Helen Turner died in New Orleans in 1958, ten months short of her one-hundredth birthday.
Peter Falk, "Who Was Who in American Art"
Neal Auction Company
|Biography from The Barnacle Gallery:|
|Helen Maria Turner, painter, designer, teacher, craftswoman, born in Louisville, Kentucky on November 13th, 1858. Her father Mortimer Turner was a prosperous coal merchant from Alexandrea, Louisiana, her mother, Helen Maria Davidson was the daughter of a noted New Orleans doctor and granddaughter of John Pintard, principle founder of the New York Historical Society, 1804 and the American Academy of Fine Arts, 1816. |
Although Turner was born into an environment of "substantial comfort and gentility" this condition was to be short lived. The Civil war was escalating in the southern states and the Turner's were deeply effected by it. Helen lost her mother at this time to a lingering illness and her fathers fortune was wiped out during the course of the war and any hope of regaining it was lost with his death in 1871, this left Helen orphaned at the age of thirteen.
Dr. Davidson, Helen's uncle gathered the Turner children and his own and moved from Alexandria to New Orleans. Not much else is known of her teenage years other than a few recollections of "the unsettling atmosphere, the family's genteel-poverty, some public schooling, and summer visits with her aunts in Louisville."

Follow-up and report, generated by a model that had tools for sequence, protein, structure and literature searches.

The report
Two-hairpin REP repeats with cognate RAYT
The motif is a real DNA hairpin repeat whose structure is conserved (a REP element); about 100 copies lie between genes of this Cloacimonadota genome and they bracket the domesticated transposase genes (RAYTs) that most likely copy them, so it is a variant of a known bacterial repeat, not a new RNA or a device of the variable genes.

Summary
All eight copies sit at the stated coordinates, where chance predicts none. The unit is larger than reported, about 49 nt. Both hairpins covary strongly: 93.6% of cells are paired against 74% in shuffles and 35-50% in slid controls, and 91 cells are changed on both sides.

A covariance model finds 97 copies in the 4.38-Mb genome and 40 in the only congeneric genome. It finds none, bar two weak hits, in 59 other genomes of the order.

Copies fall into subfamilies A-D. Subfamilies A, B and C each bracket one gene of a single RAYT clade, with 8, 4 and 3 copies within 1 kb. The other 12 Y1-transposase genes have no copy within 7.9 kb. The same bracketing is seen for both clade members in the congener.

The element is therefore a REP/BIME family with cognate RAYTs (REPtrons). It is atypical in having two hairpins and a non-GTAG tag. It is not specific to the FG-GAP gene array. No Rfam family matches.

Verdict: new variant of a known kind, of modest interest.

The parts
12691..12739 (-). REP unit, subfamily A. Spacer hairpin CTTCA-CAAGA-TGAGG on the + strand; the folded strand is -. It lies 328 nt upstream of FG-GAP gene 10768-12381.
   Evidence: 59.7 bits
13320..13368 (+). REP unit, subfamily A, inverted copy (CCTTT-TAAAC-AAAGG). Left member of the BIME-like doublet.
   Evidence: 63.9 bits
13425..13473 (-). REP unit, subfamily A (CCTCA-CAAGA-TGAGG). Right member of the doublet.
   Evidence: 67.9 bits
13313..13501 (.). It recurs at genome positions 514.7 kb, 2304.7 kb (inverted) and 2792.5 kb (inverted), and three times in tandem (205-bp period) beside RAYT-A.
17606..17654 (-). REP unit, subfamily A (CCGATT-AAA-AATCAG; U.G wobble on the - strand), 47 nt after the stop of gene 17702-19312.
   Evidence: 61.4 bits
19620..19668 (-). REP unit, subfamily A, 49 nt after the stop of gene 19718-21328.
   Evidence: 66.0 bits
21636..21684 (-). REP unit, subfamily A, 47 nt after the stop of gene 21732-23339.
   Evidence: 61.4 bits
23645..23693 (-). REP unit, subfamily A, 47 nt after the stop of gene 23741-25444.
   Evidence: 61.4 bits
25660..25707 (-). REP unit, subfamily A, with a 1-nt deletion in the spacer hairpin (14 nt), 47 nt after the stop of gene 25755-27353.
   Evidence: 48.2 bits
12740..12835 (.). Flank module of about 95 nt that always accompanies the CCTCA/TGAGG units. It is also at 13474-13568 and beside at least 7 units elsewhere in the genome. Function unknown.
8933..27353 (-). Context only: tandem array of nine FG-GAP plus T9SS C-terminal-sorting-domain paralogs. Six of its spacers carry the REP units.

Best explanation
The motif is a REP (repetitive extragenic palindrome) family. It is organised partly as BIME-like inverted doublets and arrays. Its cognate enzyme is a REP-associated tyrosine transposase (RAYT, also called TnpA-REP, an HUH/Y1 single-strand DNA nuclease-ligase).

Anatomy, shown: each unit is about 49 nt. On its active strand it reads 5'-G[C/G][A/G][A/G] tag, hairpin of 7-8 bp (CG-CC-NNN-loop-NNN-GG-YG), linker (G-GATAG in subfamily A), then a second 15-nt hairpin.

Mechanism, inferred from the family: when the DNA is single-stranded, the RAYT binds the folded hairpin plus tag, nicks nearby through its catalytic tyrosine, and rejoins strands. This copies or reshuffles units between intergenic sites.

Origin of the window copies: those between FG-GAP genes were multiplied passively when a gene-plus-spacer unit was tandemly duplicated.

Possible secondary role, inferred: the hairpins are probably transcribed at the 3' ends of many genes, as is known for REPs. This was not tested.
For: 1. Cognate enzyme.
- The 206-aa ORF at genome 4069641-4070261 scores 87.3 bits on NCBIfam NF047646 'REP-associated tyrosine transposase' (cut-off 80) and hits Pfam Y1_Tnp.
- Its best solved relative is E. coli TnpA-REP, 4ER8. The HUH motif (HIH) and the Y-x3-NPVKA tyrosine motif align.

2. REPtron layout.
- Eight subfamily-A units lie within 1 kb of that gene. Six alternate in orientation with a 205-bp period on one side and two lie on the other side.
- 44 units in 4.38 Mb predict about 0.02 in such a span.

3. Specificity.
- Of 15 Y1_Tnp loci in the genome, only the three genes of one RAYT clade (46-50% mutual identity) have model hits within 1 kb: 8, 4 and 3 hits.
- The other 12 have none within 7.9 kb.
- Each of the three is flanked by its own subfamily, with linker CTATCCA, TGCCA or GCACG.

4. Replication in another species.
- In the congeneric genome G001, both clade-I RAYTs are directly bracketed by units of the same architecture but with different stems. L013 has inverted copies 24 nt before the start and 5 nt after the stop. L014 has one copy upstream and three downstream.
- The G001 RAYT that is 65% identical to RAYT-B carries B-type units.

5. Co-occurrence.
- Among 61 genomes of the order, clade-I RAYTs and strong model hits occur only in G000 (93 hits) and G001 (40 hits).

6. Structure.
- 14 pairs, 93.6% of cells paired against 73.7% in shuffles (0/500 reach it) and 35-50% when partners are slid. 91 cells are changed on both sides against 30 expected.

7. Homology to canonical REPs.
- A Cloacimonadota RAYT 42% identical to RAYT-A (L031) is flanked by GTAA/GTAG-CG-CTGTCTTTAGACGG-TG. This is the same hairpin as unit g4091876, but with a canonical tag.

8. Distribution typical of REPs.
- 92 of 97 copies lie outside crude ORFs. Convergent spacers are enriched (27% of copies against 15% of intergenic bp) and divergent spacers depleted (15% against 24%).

It is unclear when Turner's first interest in art developed. Various interviews later in life described her uncle's habit of making little sketches for the entertainment of the family and how much enjoyment she got from this. Turner did state that she began painting at the age of twenty-two, coincidentally coinciding with the formation of the New Orleans Art Association. She was later confirmed as being a member as early as 1890 and she was known to have exhibited several works there. Turner was later quoted as saying of those years: "Ladies in those days did not go out into the world to make money, so there only remained for me the tasks of making paper flowers, doing charcoal sketches, and painting palmetto fans, to make money…"